The Legal Ombudsman in the Department of Consumer Affairs is open for (small) business.
An ombudsman to help the city's 200,000 small business owners to navigate the city's often perplexing bureaucracy and avoid fines was created in July as part of group of reforms in the agency. )
On Oct. 8, James Hurst, a 41-year-old lawyer who has spent three years in the DCA's enforcement division, began keeping office hours from 9 a.m. to 5 p.m. on Mondays and 8:30 a.m. to 4:30 p.m. Wednesdays (with a one-hour break at 1 p.m. for lunch) at the Department's headquarters at 42 Broadway. Emails sent to Hurst at email@example.com are responded to daily. He also fields calls routed to him via 311.
"Small businesses now have a place to turn when they are unsure about the laws and regulations that DCA enforces," DCA Commissioner Julie Menin said in a statement. Hurst "provides a service that many small businesses may not have access to," she noted.
"My goal is to help small businesses," said Hurst, who deemed moms-and-pops critical to the "vitality of the city."
Walk-in traffic -- business owners can no doubt sympathize with this -- has been slow. One visitor had missed a hearing on a violation issued to his employment agency and wanted to know his options. Another was a frustrated woman who had received "multiple tickets from police officers" for selling her art on midtown streets. While she didn't need a license (art is protected by the First Amendment), the regulations concerning which blocks permit vendors "is very detailed," and the artist had outdated information, Hurst explained. He gave her a handout detailing the blocks that were off limits to prevent future tickets.
"About half of all the inquiries we get are from general vendors," - people who sell T-shirts, books, cellphone accessories, and other items on the public sidewalks, wanting clarification about where they can sell their items and whether they need a license, said Hurst.
"If they come in and say, 'Do I need a license?' they want to comply," Hurst said.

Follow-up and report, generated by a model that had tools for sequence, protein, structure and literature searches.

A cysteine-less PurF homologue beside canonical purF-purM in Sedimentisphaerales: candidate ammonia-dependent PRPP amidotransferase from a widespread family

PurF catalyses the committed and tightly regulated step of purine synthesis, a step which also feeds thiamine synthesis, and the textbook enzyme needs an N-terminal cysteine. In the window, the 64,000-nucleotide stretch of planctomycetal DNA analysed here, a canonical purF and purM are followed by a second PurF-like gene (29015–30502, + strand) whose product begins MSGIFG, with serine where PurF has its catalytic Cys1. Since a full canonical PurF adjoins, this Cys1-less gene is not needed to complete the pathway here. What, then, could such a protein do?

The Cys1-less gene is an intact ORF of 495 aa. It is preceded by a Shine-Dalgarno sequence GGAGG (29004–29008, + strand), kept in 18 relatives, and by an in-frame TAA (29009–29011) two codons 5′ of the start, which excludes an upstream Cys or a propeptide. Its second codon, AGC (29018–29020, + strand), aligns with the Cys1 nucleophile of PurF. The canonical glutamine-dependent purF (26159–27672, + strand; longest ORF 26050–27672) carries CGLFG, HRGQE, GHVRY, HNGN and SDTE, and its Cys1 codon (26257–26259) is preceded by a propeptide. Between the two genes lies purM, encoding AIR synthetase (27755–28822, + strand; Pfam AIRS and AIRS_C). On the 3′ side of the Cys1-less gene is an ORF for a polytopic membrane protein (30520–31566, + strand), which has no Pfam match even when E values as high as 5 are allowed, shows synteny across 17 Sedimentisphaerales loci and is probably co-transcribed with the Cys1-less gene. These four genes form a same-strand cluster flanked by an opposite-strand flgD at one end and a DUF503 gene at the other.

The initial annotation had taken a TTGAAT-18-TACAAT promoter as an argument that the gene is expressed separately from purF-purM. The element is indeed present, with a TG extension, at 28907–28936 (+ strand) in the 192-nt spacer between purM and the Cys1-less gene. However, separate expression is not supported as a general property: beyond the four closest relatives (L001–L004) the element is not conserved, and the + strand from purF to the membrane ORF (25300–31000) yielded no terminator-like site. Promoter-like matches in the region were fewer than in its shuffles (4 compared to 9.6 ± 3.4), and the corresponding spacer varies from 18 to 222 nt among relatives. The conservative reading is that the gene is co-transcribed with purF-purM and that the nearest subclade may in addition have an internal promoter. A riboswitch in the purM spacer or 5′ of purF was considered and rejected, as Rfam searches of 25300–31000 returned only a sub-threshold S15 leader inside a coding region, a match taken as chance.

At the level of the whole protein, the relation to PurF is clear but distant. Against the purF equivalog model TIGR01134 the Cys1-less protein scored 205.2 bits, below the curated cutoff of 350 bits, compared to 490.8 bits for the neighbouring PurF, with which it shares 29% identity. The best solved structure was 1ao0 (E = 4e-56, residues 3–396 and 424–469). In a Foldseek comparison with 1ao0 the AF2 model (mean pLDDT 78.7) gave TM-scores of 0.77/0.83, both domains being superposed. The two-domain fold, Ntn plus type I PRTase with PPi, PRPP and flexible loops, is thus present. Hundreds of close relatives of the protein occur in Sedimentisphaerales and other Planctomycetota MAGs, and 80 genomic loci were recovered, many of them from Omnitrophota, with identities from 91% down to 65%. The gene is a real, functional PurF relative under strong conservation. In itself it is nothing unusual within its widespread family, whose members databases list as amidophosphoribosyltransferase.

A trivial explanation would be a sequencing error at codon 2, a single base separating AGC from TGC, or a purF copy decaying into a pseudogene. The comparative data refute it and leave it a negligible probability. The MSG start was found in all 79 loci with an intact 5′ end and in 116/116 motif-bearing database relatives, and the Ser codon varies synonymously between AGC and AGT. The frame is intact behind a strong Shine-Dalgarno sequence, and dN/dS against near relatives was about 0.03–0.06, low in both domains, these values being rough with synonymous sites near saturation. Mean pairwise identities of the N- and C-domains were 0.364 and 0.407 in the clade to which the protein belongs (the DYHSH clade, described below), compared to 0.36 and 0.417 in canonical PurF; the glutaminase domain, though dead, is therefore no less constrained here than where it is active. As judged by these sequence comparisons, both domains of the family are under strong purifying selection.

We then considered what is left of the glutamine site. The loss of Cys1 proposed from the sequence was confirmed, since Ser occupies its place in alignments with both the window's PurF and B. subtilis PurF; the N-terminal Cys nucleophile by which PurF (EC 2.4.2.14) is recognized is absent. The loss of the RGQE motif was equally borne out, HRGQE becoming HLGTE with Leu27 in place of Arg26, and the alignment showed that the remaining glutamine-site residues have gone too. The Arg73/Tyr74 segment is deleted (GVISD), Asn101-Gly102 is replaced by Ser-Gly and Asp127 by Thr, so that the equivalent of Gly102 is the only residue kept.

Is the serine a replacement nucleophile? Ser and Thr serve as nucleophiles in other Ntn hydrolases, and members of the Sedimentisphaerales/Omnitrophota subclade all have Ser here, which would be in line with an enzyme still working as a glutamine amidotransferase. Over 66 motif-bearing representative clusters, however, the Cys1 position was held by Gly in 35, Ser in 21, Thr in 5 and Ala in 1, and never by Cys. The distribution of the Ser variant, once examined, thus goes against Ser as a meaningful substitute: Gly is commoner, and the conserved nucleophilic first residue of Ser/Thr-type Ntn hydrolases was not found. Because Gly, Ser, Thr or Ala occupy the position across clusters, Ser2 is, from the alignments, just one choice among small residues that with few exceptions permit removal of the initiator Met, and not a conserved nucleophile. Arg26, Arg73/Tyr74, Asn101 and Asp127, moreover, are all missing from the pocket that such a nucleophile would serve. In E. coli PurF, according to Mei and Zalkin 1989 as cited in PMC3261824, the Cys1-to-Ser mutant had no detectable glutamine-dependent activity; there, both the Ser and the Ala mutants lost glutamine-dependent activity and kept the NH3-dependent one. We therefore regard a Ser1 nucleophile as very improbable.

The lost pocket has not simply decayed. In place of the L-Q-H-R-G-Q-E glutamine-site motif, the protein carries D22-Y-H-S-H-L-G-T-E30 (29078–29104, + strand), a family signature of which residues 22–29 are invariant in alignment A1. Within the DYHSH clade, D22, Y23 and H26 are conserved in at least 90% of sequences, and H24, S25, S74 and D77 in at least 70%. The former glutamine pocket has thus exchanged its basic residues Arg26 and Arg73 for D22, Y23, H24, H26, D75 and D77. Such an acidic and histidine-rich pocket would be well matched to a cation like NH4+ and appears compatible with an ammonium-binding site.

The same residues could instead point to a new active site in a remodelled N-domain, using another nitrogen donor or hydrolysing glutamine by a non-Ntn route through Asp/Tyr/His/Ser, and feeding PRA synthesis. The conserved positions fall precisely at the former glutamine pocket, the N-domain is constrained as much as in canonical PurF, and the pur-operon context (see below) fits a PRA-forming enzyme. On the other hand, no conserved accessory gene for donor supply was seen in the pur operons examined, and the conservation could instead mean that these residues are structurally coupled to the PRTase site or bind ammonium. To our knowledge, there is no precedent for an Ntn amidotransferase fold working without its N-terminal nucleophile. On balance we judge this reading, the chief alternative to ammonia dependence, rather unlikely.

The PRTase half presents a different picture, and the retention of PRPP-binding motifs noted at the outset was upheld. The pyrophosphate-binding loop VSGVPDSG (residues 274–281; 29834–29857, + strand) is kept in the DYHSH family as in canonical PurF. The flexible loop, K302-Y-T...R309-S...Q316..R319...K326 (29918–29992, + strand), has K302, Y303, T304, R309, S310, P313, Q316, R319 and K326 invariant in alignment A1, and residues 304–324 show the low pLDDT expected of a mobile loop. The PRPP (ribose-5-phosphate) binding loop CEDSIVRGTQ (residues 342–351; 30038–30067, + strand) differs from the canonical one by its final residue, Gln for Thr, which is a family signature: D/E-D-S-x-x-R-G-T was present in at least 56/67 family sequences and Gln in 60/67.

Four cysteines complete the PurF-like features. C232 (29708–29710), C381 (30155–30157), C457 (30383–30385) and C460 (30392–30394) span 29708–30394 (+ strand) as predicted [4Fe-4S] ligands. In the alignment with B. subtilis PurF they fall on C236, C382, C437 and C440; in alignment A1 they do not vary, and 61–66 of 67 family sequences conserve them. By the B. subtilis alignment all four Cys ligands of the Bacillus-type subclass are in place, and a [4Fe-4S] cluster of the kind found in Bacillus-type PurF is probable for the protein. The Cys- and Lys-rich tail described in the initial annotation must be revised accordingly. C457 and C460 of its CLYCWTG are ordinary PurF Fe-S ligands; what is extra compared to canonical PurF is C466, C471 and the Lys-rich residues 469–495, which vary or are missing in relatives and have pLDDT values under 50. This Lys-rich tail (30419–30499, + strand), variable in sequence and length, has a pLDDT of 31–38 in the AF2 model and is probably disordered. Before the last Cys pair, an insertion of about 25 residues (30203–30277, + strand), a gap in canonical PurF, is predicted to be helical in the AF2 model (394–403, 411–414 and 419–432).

"Any help you can get from the city is good," as "it gets harder and harder every year," for small businesses in NYC, said Bob Sendell, owner of Columbia Hardware and Housewares in Morningside Heights. Sendell was most impressed by the new reforms having to do with violations as the first time many owners know that rules have been changed is "when you get a ticket," he said.
"I just want to make sure we don't find out about new rules until after we get tickets," chorused José Fernandez, president of The National Bodega Federation. Outreach is needed, he added, because many owner-operators "don't have a computer, education or technology, and spend every day" rooted behind their cash registers.
Indeed, outreach is coming, said Hurst, who said plans include holding hours in the other boroughs. "A legal ombudsman will be the most help for people who are just starting out and want to know how to follow the rules," said Gregg Zuman, co-founder of NYC Pedicab Owners and owner of Revolution Rickshaws. Being an ombudsman for businesses regulated by his employer can be tricky, Hurst acknowledged. "I can tell them their options," and explain city regulations, but can't tell them what to do, as he is not their lawyer and the business may have a case before the Department's adjudications tribunal.
While most entrepreneurs greeted the Department's reforms with relief, Zuman said he would like to see zero tolerance for all violators. "It's wrongheaded to ease off on ticket writing: It penalizes all the guys who spend twice as much money and resources to follow their rules," he said.